Duke Blue Devils Supports the Fight Against Duchenne MD

Margarida Azevedo, MSc avatar

by Margarida Azevedo, MSc |

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Duchenne muscular dystrophy (DMD), a highly fatal hereditary disorder, affects one in every 3,600 young boys. It commonly begins with muscle weakness and loss in muscle mass. This muscle wasting is eventually replaced by fat and fibrotic tissue, eventually making it difficult to stand and walk, oftentimes by the age of 12.

The Coach to Cure MD program is a joint initiative between the American Football Coaches Association (AFCA), a 10,000-strong organization, and Parent Project Muscular Dystrophy (PPMD), the most prominent non-profit organization in the country dedicated to supporting DMD. The partnership was formed in 2008, as AFCA saw the unique relationship football staff and players could form with young males deprived of athletic ability, and be able to give them a different kind of strength.

This year, as is tradition, Duke’s coaches will show their support for the program by wearing a Coach to Cure MD patch, care of Windswept Marketing, and by calling on the sport’s fans to make a donation to the PPMD. Each football game for the season will also recognize a person living with DMD along with their family. Their unified display will be on Saturday, September 27, and will be broadcasted live on ESPN2. Kickoff is at 7:30 p.m.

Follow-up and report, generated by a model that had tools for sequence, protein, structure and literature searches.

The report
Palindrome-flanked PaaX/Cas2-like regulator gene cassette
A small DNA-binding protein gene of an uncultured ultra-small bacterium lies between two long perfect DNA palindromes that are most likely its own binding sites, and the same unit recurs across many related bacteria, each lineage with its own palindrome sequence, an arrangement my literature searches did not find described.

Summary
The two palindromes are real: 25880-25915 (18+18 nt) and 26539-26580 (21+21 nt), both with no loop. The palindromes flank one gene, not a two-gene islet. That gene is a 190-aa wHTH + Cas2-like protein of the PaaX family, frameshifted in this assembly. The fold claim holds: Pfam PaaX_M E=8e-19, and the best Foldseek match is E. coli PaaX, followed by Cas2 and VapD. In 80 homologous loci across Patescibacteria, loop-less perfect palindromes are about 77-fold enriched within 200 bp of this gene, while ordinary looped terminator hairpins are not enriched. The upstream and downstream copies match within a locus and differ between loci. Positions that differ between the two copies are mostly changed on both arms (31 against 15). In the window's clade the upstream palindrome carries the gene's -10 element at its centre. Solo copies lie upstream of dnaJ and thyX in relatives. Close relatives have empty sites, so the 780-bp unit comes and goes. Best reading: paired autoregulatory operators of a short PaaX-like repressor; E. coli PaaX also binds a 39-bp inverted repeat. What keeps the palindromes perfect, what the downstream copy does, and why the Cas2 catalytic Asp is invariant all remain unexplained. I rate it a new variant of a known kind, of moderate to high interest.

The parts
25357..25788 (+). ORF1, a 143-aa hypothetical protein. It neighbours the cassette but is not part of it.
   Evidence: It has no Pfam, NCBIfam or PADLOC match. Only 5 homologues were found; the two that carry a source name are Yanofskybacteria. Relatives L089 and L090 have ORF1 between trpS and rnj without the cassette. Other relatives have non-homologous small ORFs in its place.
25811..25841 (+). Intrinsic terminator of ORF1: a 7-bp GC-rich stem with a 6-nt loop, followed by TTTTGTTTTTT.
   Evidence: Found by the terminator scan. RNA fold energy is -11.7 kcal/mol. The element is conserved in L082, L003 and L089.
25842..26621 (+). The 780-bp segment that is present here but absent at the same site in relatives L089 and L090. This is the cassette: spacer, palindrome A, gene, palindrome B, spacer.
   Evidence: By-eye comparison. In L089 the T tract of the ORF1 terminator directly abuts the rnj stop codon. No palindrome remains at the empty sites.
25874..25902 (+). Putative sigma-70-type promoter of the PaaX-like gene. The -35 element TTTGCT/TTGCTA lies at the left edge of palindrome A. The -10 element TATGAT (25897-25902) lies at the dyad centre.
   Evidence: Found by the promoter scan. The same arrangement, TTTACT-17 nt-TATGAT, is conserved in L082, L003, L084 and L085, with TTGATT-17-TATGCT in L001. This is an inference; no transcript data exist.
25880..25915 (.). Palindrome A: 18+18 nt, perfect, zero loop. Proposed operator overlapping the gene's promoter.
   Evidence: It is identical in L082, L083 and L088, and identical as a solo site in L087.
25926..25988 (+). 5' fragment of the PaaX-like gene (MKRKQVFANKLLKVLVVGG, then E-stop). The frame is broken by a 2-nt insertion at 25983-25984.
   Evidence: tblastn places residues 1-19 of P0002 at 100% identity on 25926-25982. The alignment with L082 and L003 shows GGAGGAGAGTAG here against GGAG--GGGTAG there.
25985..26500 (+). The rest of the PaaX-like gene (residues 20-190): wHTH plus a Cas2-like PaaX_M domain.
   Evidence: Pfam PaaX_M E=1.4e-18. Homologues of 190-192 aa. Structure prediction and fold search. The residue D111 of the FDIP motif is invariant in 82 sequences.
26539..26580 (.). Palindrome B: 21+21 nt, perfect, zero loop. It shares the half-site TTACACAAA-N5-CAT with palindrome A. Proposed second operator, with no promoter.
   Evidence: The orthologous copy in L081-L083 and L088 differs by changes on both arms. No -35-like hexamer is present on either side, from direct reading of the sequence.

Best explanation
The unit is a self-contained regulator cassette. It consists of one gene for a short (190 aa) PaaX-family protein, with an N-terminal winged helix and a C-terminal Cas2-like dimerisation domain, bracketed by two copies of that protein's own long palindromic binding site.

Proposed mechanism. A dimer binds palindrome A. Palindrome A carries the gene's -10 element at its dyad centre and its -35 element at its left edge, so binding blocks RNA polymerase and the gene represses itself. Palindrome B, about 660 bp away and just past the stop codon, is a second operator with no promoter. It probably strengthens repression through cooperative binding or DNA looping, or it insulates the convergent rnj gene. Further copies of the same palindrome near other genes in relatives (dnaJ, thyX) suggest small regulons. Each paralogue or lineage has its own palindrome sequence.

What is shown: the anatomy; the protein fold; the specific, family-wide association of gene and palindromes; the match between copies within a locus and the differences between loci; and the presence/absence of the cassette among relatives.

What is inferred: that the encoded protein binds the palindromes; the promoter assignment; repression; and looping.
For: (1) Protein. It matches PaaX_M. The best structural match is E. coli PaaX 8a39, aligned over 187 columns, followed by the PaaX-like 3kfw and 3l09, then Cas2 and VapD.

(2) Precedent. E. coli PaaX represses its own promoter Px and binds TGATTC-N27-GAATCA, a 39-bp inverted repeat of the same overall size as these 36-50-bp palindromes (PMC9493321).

One of the program’s major contributors this year, Northwestern Mutual, is among the country’s biggest corporate backers of college football. Thanks to generous corporate funding and individual donations over the past 6 years, the Coach to Cure MD program has raised more than $1 million for DMD research and treatment.

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Those who would like to make a donation can log on to www.CoachtoCureMD.org or send an SMS with the word CURE to 90999 (the next phone bill will reflect the $5 donation to PPMD). Participants can also look out for some of the local DMD families during on campus football tailgate parties.

One of the threats DMD poses to patients is respiratory and heart failure. Earlier this year, an 18-year-old boy with DMD underwent surgery at UT Southwestern Medical Center for the first-ever placement of a small battery-powered left ventricular assist device (LVAD) in his heart.